1. Stengle is ready to make the forward pocket his own

After Eddie Betts was traded to Carlton in the off-season, Tyson Stengle took on the No.18 guernsey from his cousin.

It was clear from Saturday’s performance that Stengle is not only ready to fill Betts’ guernsey, but also his boots in Adelaide’s attack. 

The 21-year-old was the leading goalkicker on the ground with five majors, but it was the manner in which he kicked them that stood out. 

Stengle’s first was straight from the small forward textbook, crumbing off a pack and running into an easy open goal.

His second was more mercurial, with the former Tiger breaking two tackles and sidestepping another opposition player before snapping truly on his right foot. 

But it was his final goal which stood out the most. 

Deep in the right forward pocket, Stengle found himself in space. Rather than running toward the goals, he increased the angle and degree of difficulty, before coolly slotting a drop punt with apparent ease.

Stengle is yet to run onto Adelaide Oval for the Crows at AFL level, but on current form, he is putting his name up in lights for a Round One berth.

Tyson Stengle kicking a goal from the boundary line at West Lakes. Photo: AFC Media

2. Matthew Nicks has selection dilemmas ahead of him 

Adelaide’s senior coach and his match committee will have some extremely difficult calls to make before the season opener on March 21. 

Up forward, Elliott Himmelberg booted four goals, leading well and looking composed with his set shots, while Billy Frampton’s effort and work rate were impressive in a losing side.

Tom Lynch and Shane McAdam both hit the scoreboard with three goals apiece and Lachlan Murphy’s forward pressure was a highlight.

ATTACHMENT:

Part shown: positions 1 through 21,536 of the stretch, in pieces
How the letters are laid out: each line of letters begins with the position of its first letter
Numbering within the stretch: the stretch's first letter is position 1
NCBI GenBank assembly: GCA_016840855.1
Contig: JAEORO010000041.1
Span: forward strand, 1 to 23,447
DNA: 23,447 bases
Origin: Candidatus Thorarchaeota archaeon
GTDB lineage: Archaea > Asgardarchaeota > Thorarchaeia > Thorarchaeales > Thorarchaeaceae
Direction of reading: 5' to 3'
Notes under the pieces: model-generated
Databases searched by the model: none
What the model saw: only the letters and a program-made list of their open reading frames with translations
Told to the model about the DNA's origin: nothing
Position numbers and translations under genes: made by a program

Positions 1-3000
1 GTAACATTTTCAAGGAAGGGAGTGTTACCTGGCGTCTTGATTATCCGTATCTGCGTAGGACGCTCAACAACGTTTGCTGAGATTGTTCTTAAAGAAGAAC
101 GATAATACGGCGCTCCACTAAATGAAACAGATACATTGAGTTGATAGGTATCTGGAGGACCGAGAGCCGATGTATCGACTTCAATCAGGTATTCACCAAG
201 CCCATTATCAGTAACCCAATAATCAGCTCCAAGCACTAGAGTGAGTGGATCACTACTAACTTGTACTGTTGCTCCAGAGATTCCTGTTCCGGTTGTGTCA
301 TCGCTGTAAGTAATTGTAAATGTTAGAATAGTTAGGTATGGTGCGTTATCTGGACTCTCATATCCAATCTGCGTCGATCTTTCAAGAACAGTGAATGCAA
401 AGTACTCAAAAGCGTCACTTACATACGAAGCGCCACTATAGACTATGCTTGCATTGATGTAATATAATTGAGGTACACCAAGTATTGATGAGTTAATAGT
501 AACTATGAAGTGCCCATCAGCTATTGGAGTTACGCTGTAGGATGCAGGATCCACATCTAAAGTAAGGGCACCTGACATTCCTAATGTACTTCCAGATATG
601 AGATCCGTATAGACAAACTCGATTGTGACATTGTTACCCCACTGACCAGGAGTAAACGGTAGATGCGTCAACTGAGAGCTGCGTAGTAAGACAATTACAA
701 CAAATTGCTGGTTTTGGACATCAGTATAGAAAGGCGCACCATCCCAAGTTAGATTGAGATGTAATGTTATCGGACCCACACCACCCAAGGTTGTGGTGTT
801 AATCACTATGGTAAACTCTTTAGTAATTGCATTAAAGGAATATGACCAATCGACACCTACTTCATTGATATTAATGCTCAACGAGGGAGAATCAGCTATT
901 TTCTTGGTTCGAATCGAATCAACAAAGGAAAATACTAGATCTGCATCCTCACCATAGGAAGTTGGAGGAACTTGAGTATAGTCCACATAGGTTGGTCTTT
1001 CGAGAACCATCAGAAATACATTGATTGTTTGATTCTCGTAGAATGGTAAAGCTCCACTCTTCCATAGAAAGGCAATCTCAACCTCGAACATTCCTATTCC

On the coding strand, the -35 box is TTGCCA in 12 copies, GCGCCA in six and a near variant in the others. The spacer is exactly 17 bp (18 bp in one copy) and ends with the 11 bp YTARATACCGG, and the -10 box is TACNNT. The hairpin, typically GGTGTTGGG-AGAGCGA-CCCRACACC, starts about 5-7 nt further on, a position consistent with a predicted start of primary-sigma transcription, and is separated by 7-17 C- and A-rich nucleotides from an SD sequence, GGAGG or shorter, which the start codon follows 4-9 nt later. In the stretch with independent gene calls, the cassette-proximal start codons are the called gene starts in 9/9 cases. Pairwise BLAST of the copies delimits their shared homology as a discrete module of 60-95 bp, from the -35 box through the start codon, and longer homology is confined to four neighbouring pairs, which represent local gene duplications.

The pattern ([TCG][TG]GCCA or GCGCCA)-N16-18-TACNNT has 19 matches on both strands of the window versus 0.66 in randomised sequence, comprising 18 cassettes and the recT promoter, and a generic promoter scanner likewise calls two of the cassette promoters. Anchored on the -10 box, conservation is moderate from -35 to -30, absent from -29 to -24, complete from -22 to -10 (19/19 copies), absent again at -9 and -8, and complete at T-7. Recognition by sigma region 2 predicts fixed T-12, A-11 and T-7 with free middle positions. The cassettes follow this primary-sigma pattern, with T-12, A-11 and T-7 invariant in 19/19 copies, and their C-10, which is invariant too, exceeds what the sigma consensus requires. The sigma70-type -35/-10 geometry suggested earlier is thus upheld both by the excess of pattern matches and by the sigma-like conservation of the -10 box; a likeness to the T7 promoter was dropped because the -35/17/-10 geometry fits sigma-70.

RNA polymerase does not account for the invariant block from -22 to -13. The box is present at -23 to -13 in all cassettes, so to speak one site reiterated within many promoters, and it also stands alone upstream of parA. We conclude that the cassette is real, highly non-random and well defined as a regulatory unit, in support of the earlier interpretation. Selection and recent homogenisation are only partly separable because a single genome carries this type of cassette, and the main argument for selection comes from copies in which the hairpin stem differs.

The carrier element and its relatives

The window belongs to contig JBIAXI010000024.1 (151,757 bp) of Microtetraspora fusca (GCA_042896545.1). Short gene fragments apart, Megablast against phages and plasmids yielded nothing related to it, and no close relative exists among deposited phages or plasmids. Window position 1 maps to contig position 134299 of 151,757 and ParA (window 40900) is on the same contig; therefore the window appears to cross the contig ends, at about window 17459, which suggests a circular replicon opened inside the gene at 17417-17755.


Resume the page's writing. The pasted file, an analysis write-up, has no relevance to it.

With the likes of Taylor Walker and Darcy Fogarty also in the mix, picking a forward line will be no easy feat. 

In the midfield, the likes of Patrick Wilson and rookie Ben Keays stood up to ensure there will be huge pressure for spots when Round One rolls around.

The Crouch brothers both accumulated plenty of the football, Paul Seedsman added polish on the outside and Myles Poholke again showed he can kick goals as a midfielder with two majors.

3. Midfield explosiveness is something to get excited about

Along with the previously mentioned, Adelaide’s midfield could be bolstered by bursts of speed from Chayce Jones and Brodie Smith.

Jones spent much of the game in the engine room, and his explosiveness out of the stoppages and precision ball use was a sight to behold.

The 20-year-old created Taylor Walker's first goal of the game with a centre bounce clearance and long kick forward to advantage. Later, Jones lowered the eyes and hit a quick-leading Shane McAdam on the chest. 

And his final burst out of a stoppage would’ve made any highlight reels: taking the Sherrin, running his full distance before unloading from 50 and slotting the goal.

Chayce Jones on the burst prior to hitting a target inside forward 50. Photo: AFC Media

4. Team-first mantra shining through

When Matthew Nicks was appointed as senior coach, he said he would emphasise a “team-first” culture at the Club. 

One passage of play late in the game emphasised that the message isn’t just being heard, it’s being put into action.

Brodie Smith gained possession on a wing, running towards goal… he held onto the footy in order to draw a man, freeing up Paul Seedsman on the outside. 

Smith handballed to Seedsman, who then ran into space as a result of a Luke Brown shepherd. The wingman streamed forward and kicked to the top of the goalsquare towards Taylor Walker.

Instead of flying for the mark, Walker intelligently put his body in the way of a defender to allow Shane McAdam to take a chest mark and go back and convert the set shot from 20 metres out.  

In less than 30 seconds of play, an easy goal was created by the willingness of players to put the team first.

Luke Brown shepherds to create space for teammate Brodie Smith. Photo: AFC Media

5. It’s clear why Rory Sloane was a unanimous choice as captain

Little things are often overlooked, but these acts can often make the biggest difference.

Captain Rory Sloane consistently does the one-percenters, evidenced in the past by him driving the “cleaning of the sheds” after games.

At the conclusion of Saturday morning’s hit out, Sloane led the entire playing group back onto the playing field to personally thank the umpires who came to West Lakes to officiate. 

He then implored his teammates to pick up any plastic bottles left on the sidelines as the Crows players left the track.

With behaviours like this, there is no doubt the Club is in good hands with Sloane at the helm.